Titles and names of groups can be confusing or misleading. One example: The Stockbridge-Munsee Indians. In spoken communication, people often don't realize that there is a hyphen between the words "Stockbridge," and "Munsee," so they make the reasonable, but incorrect assumption that the Stockbridges are a band of Munsees. Actually, of course, they are Mohicans, (or, arguably, they are amalgamated Algonkians). But who are the Munsee Indians?
A book that appears to be written for middle school students, The Indians of Lenapehoking (1985, Seton Hall University Museum) by Herbert C. Kraft and John T. Kraft addresses our question. The people who once lived in an area that included all of New Jersey, plus much of the land surrounding it, once called themselves the Lenape, or "the ordinary people." In the 1600's the English began calling them the Delaware Indians (page 2). (The Mohicans believed they were descendants of the Delawares and referred to them as their "grandfathers.")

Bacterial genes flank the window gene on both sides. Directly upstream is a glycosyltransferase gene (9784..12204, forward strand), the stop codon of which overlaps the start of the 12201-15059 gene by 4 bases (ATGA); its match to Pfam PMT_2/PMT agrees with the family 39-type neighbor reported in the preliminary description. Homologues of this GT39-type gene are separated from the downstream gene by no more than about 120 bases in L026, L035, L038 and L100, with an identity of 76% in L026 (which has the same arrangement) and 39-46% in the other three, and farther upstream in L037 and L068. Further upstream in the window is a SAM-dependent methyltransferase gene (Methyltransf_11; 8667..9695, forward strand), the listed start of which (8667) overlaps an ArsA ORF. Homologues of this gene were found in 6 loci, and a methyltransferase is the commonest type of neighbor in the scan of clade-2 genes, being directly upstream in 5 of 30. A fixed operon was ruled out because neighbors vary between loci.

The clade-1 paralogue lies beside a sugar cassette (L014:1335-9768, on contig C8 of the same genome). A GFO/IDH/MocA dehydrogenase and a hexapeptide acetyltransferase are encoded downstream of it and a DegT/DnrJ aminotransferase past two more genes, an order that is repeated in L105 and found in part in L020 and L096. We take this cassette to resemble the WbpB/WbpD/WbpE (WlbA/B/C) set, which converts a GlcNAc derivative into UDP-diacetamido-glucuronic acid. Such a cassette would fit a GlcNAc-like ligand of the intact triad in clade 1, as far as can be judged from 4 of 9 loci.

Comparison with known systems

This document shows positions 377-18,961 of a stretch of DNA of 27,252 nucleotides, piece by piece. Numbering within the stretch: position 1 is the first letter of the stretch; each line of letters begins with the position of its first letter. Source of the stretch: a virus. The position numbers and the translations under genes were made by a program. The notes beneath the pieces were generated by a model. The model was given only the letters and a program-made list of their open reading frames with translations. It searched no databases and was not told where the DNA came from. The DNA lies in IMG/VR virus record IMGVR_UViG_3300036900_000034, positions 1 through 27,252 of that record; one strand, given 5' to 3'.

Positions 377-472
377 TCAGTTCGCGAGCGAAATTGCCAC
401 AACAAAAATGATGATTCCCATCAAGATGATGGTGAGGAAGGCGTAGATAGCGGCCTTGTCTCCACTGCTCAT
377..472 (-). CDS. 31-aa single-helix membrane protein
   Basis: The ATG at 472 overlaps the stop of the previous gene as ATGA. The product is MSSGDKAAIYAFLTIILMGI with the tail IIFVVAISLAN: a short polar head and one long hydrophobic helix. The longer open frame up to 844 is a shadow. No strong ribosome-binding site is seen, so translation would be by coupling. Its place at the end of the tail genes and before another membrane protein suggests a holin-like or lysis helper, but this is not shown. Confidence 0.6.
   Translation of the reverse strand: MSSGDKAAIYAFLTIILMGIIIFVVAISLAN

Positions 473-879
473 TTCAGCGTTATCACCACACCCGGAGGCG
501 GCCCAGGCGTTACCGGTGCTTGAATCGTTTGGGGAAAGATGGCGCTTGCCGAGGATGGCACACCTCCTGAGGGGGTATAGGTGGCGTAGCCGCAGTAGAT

According to Kraft and Kraft, "two related but distinct" groups of Indians made up the Delawares. Those living north of the Raritan River spoke a Munsee dialect, while those south of the Raritan spoke a Unami dialect (page 2).
(Map courtesy of the Wikimedia Commons)
The question of how the Stockbridge Mohicans became the "Stockbridge-Munsee Band of Mohican Indians" is too complex for me to get into now. Suffice it to say that the "Munsee" part doesn't refer to the Brotherton Indians, it refers to other Delawares that joined the Stockbridges later on.